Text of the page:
Africa‘s food security and the G8 summit
Published May 26, 2012 8:32 AM
The Hunger Project reports that out of a global population of 6.8 billion, 925 million people do not have sufficient food for members of their households. Moreover, 98 percent of undernourished people live in the so-called developing countries — those states that are colonies or former colonies.
The Hunger Project also claims that more than 66 percent of all people who are hungry live in seven countries: Bangladesh, China, the Democratic Republic of Congo, Ethiopia, India, Indonesia and Pakistan. (thp.org)
In Africa it is difficult to acquire accurate statistics on hunger. It is estimated that around 270 million people there are facing food deficits. The problem of periodic drought in the Horn of Africa, the subcontinent and the Sahel usually translates into acute food deficits and sometimes famine.
Members of the Group of 8 capitalist industrialized states — the United States, Britain, France, Italy, Germany, Japan, Canada and Russia — held a summit meeting at Camp David, Md., on May 18-19. President Barack Obama announced the “New Alliance for Food and Nutrition Security,” touted as a joint program of African nations, international donors and private firms. The project is obviously a public relations exercise on the part of the capitalist states.
In addition to the G8 heads of state, four African leaders were also present for talks on the project. President John Atta Mills of Ghana, Prime Minister Meles Zenawi of Ethiopia, President Jakaya Mrisho Kikwete of Tanzania and President Yai Boni of Benin, who is also the current chairperson of the African Union, met with Obama to discuss this partnership.
Capitalism, profit & food in Africa
In a joint statement issued by President Kikwete of Tanzania, Ellen Kullman of the DuPont Corporation and Dr. Rajiv Shah, administrator for the U.S. Agency for International Development, they claim Africa has experienced significant growth in the last five years, with private investments in the areas of oil, natural gas and minerals.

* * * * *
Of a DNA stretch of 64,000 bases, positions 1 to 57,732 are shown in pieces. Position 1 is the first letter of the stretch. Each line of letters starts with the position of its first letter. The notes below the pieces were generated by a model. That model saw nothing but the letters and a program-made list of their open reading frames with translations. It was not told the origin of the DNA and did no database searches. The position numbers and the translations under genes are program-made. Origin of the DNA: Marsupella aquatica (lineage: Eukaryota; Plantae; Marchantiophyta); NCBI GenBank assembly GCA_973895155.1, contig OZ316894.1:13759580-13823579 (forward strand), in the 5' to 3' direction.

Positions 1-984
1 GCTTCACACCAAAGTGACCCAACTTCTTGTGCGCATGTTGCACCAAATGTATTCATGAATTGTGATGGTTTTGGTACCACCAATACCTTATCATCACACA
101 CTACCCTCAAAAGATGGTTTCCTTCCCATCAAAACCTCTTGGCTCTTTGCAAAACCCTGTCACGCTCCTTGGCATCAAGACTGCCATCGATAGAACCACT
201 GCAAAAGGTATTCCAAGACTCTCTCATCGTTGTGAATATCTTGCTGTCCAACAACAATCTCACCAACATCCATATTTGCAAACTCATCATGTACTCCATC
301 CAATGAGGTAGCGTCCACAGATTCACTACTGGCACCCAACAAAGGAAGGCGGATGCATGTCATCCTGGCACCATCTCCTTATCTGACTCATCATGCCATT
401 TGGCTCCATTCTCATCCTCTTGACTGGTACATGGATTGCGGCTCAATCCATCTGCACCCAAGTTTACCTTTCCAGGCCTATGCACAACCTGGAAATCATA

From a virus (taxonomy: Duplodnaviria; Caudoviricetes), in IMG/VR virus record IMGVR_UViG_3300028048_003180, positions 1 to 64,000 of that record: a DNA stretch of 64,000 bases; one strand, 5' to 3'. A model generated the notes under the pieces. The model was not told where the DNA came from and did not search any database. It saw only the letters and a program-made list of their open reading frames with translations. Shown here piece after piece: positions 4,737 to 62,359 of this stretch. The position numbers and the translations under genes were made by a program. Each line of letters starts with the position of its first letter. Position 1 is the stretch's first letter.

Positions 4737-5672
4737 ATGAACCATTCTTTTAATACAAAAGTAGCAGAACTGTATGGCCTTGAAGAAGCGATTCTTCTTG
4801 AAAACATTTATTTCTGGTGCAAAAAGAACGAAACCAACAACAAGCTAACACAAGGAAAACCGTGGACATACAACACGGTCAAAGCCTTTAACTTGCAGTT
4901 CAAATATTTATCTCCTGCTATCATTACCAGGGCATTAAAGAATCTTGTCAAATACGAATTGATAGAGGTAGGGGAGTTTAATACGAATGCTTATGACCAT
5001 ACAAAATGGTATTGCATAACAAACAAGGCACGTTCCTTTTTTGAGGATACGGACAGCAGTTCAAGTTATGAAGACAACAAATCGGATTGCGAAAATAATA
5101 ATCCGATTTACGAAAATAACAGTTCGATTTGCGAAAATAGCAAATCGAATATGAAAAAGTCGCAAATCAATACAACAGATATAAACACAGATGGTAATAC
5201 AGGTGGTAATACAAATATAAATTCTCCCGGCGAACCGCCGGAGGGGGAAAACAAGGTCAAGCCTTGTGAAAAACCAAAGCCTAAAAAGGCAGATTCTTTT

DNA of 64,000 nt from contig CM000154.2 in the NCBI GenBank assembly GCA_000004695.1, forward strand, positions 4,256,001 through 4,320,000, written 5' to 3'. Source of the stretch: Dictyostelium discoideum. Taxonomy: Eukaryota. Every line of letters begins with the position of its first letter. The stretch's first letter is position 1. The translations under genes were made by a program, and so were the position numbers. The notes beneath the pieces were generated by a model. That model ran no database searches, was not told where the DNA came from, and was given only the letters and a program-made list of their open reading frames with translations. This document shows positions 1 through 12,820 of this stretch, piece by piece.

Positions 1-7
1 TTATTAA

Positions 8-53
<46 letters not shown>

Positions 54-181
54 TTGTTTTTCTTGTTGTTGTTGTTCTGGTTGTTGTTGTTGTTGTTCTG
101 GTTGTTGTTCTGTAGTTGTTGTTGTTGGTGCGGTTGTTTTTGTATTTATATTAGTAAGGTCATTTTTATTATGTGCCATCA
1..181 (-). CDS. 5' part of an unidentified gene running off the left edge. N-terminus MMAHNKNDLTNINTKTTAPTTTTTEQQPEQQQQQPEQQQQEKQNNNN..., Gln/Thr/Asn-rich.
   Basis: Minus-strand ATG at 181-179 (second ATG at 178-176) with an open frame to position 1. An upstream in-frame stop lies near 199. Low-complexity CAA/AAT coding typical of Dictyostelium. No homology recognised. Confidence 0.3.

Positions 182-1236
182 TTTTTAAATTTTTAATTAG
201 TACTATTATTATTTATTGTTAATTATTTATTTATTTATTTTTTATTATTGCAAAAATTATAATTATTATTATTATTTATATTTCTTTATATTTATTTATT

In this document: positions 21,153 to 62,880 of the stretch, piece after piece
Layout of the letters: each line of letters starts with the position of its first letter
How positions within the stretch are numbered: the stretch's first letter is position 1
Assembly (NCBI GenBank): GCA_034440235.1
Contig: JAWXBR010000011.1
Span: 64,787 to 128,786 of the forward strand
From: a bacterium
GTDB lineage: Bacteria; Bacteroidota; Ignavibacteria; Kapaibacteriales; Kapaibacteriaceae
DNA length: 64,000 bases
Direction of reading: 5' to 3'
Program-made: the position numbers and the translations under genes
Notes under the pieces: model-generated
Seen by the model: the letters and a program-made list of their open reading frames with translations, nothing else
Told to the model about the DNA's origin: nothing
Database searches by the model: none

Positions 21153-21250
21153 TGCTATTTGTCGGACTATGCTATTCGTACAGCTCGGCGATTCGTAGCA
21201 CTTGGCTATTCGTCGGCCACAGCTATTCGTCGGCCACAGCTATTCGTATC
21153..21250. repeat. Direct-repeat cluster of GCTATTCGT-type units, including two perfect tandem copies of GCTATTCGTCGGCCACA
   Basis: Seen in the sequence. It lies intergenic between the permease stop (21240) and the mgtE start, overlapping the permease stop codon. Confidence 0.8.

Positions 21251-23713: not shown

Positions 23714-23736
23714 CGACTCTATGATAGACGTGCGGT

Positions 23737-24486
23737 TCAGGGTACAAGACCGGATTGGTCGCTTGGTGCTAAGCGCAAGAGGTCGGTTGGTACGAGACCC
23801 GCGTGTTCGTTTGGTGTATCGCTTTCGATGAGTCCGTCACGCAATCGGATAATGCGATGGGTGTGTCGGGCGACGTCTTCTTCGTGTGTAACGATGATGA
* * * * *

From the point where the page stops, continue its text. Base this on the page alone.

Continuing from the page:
The statement notes, however, that agricultural development for internal food consumption has not been a focus of interest for the multinational firms. “As a result of decades of underinvestment, today Africa is the only continent that does not produce enough to feed its own citizens. Last year’s food crisis and famine in the Horn of Africa serve as a stark reminder that chronic hunger and malnutrition remain a persistent problem on the continent.” (The Citizen, Tanzania, May 21)
Yet just three years ago, at another meeting of the G8 in L’Aquila, Italy, some $22 billion was pledged to address the problem of food deficits in Africa. The Aquila Food Security Initiative was endorsed by 27 countries and 15 international organizations. The program was supposed to be implemented by the U.N. Food and Agricultural Organization Investment Center.
At least two aid organizations, InterAction and Oxfam, responded to the new initiative with much skepticism. InterAction pointed out that the program may be another method for the industrialized states to avoid honoring their previous commitments by relying on the 40 private firms that will supposedly provide the investments. These include some of the world’s biggest agribusiness corporations. Oxfam said that the announced funds were a “nice complement at best, a deflection at worst.” (huffingtonpost.com, May 18)
Although USAID representative Shah said that 58 percent of the money from the Aquila initiative has been disbursed, he admitted that much of the money is not being allocated as promised.
“The grand promise of L’Aquila was, if you build a plan for agriculture, the donors will help them find the resources for it,” said Gregory Adams, director of aid effectiveness at Oxfam America. (New York Times, May 18) However, Adams noted that “donors have put their money in other things.”
The ongoing problem of food deficits in both the developed capitalist states and the underdeveloped regions flows directly from the profit-driven production of food. As a result of the legacy of colonialism and imperialism in Africa, most agricultural commodities and mineral resources are produced for export rather than for internal use and consumption.
Prices for exports are largely determined by the capitalist markets. When prices fall, the overall economic conditions in the postcolonial and neocolonial states are adversely impacted.
What is needed is an agricultural and distribution system that is not based on profit but on human need. Access to nutritious food must be viewed as a fundamental human right.
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